As far as personal rejection, I can’t remember any when I was trying to get published that really upset me and there have been some after I was published, that were certainly disappointing. I wouldn’t say they had to do with prose writing, but stuff I’ve tried to pitch in other media that hasn’t gone over so well with people I really would’ve liked to have worked with. It was just very disappointing that it didn’t work out, obviously, but what I took away from it was that I should probably rewrite and improve and come back and try again because it’s not like the door is closed forever. Because I didn’t flip out and say, “Don’t you know who I am? How could you pass this up?” The door is still open, so I just have to be better next time and try again. So that’s what I take away from most of that stuff is to just be better.
It’s about the fit, it’s about the quality, it’s about the timing. It’s so many things, and if you try to perform rejection alchemy, you’ll just drive yourself crazy. Bad reviews–Yes. Rejection—No, in terms of freaking out.
And I can’t stress enough, if you get a bad review, don’t post about it on the internet. Again, just talk to your cat, if you’re upset. You don’t want the sour grapes going out to everybody. Just be professional. I never respond to bad reviews. I may occasionally respond to good reviews and say, “Hey, thanks.” That’s it. Anything beyond that either way, good or bad, can get you into some really sticky situations, so it’s just better, keep your lips zipped for bad. Say, “hey, thank you” for the good.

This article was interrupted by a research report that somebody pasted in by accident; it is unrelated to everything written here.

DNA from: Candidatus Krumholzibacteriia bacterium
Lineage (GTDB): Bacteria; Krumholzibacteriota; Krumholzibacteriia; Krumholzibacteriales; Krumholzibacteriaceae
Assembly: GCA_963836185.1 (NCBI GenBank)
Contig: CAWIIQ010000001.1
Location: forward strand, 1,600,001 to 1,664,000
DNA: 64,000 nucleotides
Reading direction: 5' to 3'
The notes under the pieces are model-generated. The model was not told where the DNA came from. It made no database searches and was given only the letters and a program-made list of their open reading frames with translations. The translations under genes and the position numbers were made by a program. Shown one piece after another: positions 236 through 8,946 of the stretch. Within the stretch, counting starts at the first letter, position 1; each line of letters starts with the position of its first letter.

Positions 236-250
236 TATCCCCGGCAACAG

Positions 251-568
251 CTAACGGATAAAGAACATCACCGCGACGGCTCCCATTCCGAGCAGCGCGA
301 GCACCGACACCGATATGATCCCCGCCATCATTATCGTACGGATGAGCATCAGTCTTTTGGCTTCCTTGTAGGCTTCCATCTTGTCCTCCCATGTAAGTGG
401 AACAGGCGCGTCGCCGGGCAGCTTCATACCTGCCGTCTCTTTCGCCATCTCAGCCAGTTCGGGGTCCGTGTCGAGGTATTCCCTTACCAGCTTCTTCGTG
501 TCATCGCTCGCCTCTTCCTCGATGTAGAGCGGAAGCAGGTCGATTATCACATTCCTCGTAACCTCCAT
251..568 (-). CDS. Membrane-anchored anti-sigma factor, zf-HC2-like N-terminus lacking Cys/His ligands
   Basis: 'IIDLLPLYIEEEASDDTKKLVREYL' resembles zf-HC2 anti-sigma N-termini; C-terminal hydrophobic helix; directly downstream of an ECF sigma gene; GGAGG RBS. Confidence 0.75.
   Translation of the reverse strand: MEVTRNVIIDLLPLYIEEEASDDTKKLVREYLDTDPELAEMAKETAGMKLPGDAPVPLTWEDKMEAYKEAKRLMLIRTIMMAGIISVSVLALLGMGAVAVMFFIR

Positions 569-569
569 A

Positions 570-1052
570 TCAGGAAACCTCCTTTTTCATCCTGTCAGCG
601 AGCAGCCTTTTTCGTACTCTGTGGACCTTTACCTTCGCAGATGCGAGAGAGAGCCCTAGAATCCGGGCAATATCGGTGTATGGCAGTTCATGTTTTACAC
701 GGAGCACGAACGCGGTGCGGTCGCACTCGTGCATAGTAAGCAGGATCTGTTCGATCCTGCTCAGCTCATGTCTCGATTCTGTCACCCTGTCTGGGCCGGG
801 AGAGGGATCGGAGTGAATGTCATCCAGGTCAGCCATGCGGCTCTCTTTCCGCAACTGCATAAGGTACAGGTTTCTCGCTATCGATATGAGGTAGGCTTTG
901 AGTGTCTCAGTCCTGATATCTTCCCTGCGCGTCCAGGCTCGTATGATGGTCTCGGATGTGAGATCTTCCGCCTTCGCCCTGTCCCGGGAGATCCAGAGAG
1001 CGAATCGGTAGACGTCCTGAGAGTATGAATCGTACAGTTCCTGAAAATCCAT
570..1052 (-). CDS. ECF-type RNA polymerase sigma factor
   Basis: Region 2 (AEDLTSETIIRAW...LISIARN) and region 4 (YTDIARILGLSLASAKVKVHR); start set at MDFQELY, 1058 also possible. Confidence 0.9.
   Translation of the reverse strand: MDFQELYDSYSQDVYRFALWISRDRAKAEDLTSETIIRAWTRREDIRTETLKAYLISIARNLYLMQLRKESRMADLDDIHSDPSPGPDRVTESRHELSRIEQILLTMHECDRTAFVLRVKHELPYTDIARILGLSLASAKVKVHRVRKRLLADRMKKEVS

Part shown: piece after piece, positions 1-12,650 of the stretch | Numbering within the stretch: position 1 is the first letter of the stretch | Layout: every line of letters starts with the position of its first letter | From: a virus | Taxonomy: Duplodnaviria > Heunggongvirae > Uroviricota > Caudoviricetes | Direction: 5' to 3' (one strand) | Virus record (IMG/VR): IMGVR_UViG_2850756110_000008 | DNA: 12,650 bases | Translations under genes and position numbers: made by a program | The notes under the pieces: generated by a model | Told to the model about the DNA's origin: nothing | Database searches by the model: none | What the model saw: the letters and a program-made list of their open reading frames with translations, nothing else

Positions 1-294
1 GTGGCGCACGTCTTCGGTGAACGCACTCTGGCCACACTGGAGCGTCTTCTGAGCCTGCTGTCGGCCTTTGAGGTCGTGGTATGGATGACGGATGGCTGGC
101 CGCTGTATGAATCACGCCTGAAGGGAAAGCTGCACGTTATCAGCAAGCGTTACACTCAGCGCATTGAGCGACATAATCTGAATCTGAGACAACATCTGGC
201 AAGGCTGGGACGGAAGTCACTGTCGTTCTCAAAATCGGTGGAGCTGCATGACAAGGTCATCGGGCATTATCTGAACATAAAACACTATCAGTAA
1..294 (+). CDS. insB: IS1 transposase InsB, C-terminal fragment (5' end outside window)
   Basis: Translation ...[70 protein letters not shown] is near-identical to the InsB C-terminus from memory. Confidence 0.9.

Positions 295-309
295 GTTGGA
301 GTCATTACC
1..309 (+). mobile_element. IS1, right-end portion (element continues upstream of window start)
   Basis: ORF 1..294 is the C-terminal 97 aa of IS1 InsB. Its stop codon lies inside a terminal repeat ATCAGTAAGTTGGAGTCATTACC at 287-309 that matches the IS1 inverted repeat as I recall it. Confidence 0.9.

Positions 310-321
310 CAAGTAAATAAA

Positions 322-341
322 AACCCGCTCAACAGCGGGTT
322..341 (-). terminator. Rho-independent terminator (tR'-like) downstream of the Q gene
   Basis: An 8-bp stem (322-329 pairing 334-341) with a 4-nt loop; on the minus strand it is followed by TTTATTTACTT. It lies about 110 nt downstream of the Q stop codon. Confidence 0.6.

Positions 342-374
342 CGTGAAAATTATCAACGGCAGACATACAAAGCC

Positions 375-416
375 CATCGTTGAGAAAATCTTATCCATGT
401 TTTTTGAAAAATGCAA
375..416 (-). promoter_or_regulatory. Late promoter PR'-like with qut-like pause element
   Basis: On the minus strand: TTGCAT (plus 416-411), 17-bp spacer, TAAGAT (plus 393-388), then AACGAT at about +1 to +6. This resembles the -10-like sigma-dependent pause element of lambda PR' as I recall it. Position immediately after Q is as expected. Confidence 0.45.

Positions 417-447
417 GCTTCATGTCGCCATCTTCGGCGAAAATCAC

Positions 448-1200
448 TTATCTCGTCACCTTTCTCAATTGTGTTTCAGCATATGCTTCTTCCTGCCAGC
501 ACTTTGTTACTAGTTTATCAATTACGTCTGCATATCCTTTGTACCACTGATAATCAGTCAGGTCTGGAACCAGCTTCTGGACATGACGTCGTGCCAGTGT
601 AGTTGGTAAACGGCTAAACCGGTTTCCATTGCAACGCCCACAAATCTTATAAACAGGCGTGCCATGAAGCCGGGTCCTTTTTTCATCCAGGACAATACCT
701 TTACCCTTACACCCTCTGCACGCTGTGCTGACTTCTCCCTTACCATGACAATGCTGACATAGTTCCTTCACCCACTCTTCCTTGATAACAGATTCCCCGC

AA: Good advice for a lot of life’s business situations. That leads me to your comment, or directive, to “grow as a writer” In what ways have you grown as a writer? What are the biggest changes that see you over the last several years?
CK: I think that I’ve grown in every way as a writer; at least I hope I have. I think I’m much better writer on most levels than when I started. I’m certainly better technically than when I started because I’m able to create stories with many more layers, and I think that once you can just kind of forget about the technical side of things and just know that you can put out good sentence level prose that is decent, then your brain frees up to kind of worry about like story, theme, and layering, and you know whether all your scenes are doing all the work that they should be doing, and just stuff that’s a little more cerebral than actually writing stuff down.
Although I still spend 10 minutes on one sentence sometimes just trying to find the right word and, “Umm, how about this. No. Delete. Maybe this. No. Delete.” When I draft my books, I have so many place holders that say “Put something cool here” because I’d be a terrible stand-up comedian; I’m not good at like on-the-fly stuff so I just have to sit there and think about it for like a half an hour sometimes. Then I come back to it at the end of my writing session and be like “Oh, I should put this here.” That will have given me time to work it out subconsciously. I used to just straight, flat-out write. And they were fine, readable stories, but I think they weren’t as deep as I would’ve liked them to be.